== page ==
17:54 Ian Altman

Yeah, and I think that one of the things that people often overlook is this notion that, and it's one of the things that I love about the Beautiful.AI platform is, very often someone will say, well, I want to emphasize this piece, so and then they start going through the color wheel and like, oh, I'm going to make this one purple, and this one green. And it's like, it looks like just a Technicolor nightmare. Instead of in your tool, you say, okay, I want to add this in, and I click on the bold tool, which is really just another way of saying, I want to emphasize this, and it picks the color that's aligned with your branding, and you can't pick a different color. And if you say no, no, I want to make this bigger. It says, no, you really don't want to do that. And to me, it's almost like you've got, when I'm using it, and people on my team are using Beautiful.AI, it's like we have that little angel on our shoulder going, yeah, no, you really don't want to do it that way. And it's almost like it prevents us from making these stupid mistakes. And, you have the ability in the platform to reinforce all of the branding and have consistent branding, so now, if people in the field say, oh, I need to add a slide that has these three elements to it, they pick from their template that's got all the right design elements. They pick the right structure from you guys. And now when they create the slide, it's going to tie in with the branding, it's going to tie in with the messaging, and if I understand correctly if six months from now, the organization gets acquired and their branding changes, you can just change it back in the core engine, and it ripples through all the other presentations. Isn't that right?

19:31 Jason Lapp

Well, first off, I'm excited that you're a user of the product. You're clearly a salesperson for me as well because you know it really well. There are a few things that we should unpack in your comments there. I think the design principles that we built into the product were intentional. We call it Beautiful.AI because we created this design AI that gives you that structure. It's meant to be your guard rails and keep you from doing things that are silly mistakes. It's meant to make it so that you don't end up with 15 different fonts, ten different colors, you know, boxes all over the place. It will stop you; the product will. And that can be frustrating because you've got to learn how to how to reuse it. But when you're using the product, it's really this mindset of okay, well, they understand design. I want to be a creator, and I think we have this challenge today is that literally everybody wants to be a creator, whether that's, you know, in their personal life or in their work-life, and we don't have tools to do it. And the larger issue is that we all want to be creators, but less than 1% of us are designers. I'm a sales guy. I'm not a designer. Mitch, who created Beautiful.AI, he's a designer, and he gets it, and he could do this all day long. What I need is structure and orientation so that I can take all these great ideas I have and create visual stories without having to worry about that.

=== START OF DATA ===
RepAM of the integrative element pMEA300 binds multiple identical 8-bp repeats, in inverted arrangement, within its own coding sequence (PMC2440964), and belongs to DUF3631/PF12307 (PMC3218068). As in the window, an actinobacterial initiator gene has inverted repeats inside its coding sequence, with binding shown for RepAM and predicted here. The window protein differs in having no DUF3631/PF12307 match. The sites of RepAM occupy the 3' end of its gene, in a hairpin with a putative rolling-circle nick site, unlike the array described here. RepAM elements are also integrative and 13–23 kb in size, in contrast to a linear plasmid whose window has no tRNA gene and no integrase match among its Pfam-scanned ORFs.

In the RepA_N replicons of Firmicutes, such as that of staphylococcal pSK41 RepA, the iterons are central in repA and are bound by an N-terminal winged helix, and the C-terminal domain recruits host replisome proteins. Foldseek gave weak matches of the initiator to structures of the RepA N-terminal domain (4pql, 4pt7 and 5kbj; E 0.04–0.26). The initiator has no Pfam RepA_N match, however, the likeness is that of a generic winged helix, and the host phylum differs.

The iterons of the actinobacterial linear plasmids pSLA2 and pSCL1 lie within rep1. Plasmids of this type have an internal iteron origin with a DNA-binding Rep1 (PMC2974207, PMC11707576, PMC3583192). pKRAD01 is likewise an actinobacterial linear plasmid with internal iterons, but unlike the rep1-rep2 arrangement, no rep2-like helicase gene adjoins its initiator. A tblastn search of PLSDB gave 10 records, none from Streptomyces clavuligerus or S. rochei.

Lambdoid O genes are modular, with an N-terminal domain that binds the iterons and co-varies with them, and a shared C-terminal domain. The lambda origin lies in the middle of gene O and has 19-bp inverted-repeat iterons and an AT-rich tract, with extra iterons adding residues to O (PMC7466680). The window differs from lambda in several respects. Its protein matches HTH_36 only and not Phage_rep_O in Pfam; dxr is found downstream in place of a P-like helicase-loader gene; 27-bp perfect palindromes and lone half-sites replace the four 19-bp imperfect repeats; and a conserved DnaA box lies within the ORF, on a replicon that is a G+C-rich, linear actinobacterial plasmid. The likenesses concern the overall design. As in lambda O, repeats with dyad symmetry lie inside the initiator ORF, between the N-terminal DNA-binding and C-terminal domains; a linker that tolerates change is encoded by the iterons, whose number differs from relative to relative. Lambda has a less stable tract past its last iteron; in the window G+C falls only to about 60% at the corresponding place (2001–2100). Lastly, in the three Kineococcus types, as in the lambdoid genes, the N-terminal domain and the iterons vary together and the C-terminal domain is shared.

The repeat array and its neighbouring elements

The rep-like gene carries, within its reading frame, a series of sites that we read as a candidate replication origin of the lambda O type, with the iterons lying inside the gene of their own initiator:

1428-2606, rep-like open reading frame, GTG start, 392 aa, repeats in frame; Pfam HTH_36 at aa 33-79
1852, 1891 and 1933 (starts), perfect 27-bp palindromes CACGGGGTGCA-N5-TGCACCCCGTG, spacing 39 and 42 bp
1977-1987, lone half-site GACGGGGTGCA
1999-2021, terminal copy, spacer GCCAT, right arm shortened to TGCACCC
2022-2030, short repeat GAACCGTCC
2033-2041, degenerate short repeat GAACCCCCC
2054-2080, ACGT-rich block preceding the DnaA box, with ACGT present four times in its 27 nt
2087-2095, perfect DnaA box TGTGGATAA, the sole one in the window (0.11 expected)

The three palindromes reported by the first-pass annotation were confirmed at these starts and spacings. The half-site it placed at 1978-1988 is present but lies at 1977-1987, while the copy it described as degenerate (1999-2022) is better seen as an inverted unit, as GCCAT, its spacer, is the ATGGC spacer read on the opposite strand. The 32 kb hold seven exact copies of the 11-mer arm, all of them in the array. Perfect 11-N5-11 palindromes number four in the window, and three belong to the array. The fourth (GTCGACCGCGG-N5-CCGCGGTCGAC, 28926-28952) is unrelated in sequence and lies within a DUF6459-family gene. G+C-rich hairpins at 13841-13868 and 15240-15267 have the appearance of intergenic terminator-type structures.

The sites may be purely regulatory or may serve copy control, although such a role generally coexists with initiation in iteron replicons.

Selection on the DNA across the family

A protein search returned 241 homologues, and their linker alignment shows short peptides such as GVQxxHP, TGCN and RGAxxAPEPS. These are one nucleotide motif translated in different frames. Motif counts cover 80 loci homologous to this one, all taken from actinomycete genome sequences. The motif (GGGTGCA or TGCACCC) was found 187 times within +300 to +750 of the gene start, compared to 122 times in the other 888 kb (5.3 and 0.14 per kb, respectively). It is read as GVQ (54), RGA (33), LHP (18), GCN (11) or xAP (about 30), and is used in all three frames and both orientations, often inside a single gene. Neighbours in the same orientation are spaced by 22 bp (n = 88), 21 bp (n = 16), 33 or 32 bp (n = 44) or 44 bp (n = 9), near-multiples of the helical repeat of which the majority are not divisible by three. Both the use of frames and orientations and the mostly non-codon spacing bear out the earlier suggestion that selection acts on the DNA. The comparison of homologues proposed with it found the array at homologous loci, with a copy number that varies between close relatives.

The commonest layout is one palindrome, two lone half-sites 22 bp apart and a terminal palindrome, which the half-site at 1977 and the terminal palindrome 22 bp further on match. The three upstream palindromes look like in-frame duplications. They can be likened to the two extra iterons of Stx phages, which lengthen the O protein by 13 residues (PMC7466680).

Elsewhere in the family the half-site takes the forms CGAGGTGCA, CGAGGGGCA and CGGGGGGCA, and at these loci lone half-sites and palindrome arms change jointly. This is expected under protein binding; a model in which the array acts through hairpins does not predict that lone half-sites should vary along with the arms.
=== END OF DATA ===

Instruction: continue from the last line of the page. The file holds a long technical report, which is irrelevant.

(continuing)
20:58 Ian Altman

Well, and Jason, the funny part of this is that I often say when it comes to creativity, if I was drawing a stick figure, it would probably be missing a limb. So, if left to my own devices, I'm going to create stuff that is far from beautiful. It's going to be ugly and hideous. And I look back at presentations I used to make, and as a professional speaker, I had engaged and contracted with designers to design slide decks, and we've actually taken those same decks that we professionally designed years ago, and in a matter of minutes, repurposed them in Beautiful.AI and made it so that now if I need to add something on the fly for a presentation, it used to look like here's this beautifully designed presentation, and then here's a slide that was designed using the Fisher-Price, my first presentation toolkit. And it was just like it looked awful. It looked like a kindergarten student had created that one slide in the presentation. And now, when I add something, it looks great now. It's also because it's all shared, and because it's all cloud-based, someone on my team can say, hey, I sent you added this slide. I picked a different image that I thought better suited that part of the presentation. I'm like, oh, Emma, thanks so much. But it's something that usually I see tools, and I think yeah, I don't need this thing. And when I first started working with Beautiful.AI, and I won't make it clear to people, I'm not an affiliate. I don't get paid by you guys. There's nothing like that. I'm a fan of the tool. This is why when someone said, Hey, you want to have Jason on the podcast, I'm like, absolutely, because I actually use their stuff, and I like it. We have about a 50-page document that documents the entire Same Side Selling methodology, and we created it in Beautiful.AI in a matter of; I don't remember how long it was, but it was less than a day from the beginning to end. And people look at and say, oh, this is beautiful. The design on this is incredible. And I'm like, yeah, we just used your platform to build it.